We add up the values for all trainers, and come up to a total of 43.905. If the egg distribution were independent of PokeStop, this total would follow a chi-squared distribution with 25 degrees of freedom. The number of degrees of freedom is calculated as:
(#researchers – 1) x (#egg types – 1) = 25 x 1 = 25
We can now calculate the p-value, this is the probability that a random variable following a chi-squared distribution with 25 degrees of freedom is 43.905 or larger. The result is:
p = 0.0111
This is lower than the 0.05 threshold for significance, so we have concluded that the hypothesis that distance distribution is independent of PokeStop has been refuted (See Note 2).
FURTHER TESTING (SPECIES DISTRIBUTION, ETC.):
We continued by looking at the individual species hatched. It is believed that the contents of an egg are already determined upon receiving it at a PokeStop (largely due to the fact that Pokemon with legacy movesets were hatched after global moveset changes, among other compelling reasons). Under the assumption that this is true (most importantly: hatching location is not important) we can research the contents of the eggs. The counts for individual species are too low to do any meaningful testing, so we had to group different species together. One way to do this is to compare the distribution between Water and non-Water Pokemon from 5km eggs. It’s important that we look at 5km eggs only; if we looked at all eggs, a difference in species distribution could be caused by the difference in distance distribution we just discovered.
We ran a chi-squared test similar as before to the counts of Water and non-Water Pokemon from 5km eggs. This test gave a p-value of p=0.1728, which means we did not find a significant difference in the contents of 5km eggs of the different researchers. Other ways of grouping up species have also been tried, but none gave a significant result.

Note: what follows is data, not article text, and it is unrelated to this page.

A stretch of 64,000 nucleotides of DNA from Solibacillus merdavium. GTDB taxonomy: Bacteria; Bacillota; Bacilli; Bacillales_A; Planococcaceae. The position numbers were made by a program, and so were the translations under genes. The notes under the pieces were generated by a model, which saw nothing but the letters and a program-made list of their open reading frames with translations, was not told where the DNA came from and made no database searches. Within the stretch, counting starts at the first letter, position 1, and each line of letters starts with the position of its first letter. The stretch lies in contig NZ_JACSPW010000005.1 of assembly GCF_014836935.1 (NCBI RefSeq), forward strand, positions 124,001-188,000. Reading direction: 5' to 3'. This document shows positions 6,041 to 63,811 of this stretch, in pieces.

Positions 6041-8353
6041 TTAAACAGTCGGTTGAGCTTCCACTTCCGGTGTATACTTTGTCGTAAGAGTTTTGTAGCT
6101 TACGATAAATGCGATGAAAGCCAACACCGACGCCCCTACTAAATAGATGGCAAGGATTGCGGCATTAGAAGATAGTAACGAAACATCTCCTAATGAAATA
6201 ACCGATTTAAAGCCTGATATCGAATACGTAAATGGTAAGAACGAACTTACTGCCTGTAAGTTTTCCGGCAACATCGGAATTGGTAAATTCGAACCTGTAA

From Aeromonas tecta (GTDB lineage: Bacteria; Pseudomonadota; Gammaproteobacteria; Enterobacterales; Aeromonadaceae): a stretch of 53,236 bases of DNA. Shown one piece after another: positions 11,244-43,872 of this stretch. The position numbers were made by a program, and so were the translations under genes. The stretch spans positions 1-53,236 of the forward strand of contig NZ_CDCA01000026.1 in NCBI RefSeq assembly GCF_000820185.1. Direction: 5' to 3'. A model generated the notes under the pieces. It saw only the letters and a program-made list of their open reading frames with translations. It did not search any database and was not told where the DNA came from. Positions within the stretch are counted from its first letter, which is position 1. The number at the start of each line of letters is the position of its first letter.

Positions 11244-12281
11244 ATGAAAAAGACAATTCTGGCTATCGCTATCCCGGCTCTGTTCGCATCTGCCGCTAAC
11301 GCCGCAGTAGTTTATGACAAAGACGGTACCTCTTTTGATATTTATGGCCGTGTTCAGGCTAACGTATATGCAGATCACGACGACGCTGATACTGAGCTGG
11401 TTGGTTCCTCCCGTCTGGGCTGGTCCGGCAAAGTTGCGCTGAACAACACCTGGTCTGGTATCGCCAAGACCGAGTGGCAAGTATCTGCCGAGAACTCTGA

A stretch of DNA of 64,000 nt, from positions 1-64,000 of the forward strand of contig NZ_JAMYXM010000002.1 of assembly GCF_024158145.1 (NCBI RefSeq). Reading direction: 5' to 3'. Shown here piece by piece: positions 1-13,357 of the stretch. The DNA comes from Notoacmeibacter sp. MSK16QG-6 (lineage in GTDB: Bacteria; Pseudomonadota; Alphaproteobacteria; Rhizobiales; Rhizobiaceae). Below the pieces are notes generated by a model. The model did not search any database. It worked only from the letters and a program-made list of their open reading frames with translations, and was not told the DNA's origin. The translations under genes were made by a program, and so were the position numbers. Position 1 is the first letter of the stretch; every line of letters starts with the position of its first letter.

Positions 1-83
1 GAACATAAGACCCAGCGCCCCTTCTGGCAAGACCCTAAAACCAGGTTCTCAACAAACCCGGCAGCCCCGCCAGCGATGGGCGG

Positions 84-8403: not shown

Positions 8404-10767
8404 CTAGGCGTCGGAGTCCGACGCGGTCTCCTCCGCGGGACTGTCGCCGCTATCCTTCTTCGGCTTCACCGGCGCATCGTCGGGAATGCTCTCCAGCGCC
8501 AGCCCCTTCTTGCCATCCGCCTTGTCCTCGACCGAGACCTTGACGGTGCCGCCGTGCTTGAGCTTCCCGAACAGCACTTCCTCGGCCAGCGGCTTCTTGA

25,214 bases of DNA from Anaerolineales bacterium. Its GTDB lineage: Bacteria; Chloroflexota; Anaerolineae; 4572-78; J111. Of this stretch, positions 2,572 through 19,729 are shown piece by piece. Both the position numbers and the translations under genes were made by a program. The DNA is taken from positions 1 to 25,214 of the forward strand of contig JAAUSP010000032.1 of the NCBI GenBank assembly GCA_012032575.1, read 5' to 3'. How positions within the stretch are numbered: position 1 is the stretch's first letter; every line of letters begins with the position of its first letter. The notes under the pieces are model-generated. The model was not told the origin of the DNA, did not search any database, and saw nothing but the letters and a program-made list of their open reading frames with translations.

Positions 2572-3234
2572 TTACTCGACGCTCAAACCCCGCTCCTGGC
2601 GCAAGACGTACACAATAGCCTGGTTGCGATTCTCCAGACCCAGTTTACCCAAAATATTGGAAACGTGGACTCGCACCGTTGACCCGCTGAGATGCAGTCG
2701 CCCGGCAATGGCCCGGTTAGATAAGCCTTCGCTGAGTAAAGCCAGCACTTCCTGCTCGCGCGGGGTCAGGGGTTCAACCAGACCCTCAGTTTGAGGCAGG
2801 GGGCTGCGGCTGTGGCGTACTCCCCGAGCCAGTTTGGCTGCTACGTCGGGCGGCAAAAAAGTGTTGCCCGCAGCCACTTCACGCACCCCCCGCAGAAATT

Despite not getting a result here, we are still very interested in the distribution of individual species from eggs and we will be running further, more specific, experiments in the future.
The chi-squared test requires that no more than 20% of the expected counts are lower than 5. If we included 10km eggs, this would not be the case.
Strictly speaking, we can only conclude that the researchers obtained egg distances from different distributions. It could theoretically be the case that this is caused by something other than PokeStop location (such as time of day, level, etc.). More research is planned to help confirm/isolate factors affecting egg drop distributions.
This finding was shared on our subreddit on Dec. 1, 2016.
Contributions to this project were made by 26 Silph Researchers. This was a tough experiment to see through to completion. It meant never spinning a PokeStop while out and about if you had an empty egg slot. It also meant either intense walking, or intense incubator purchases. We all owe these good travelers a lot for making this research possible: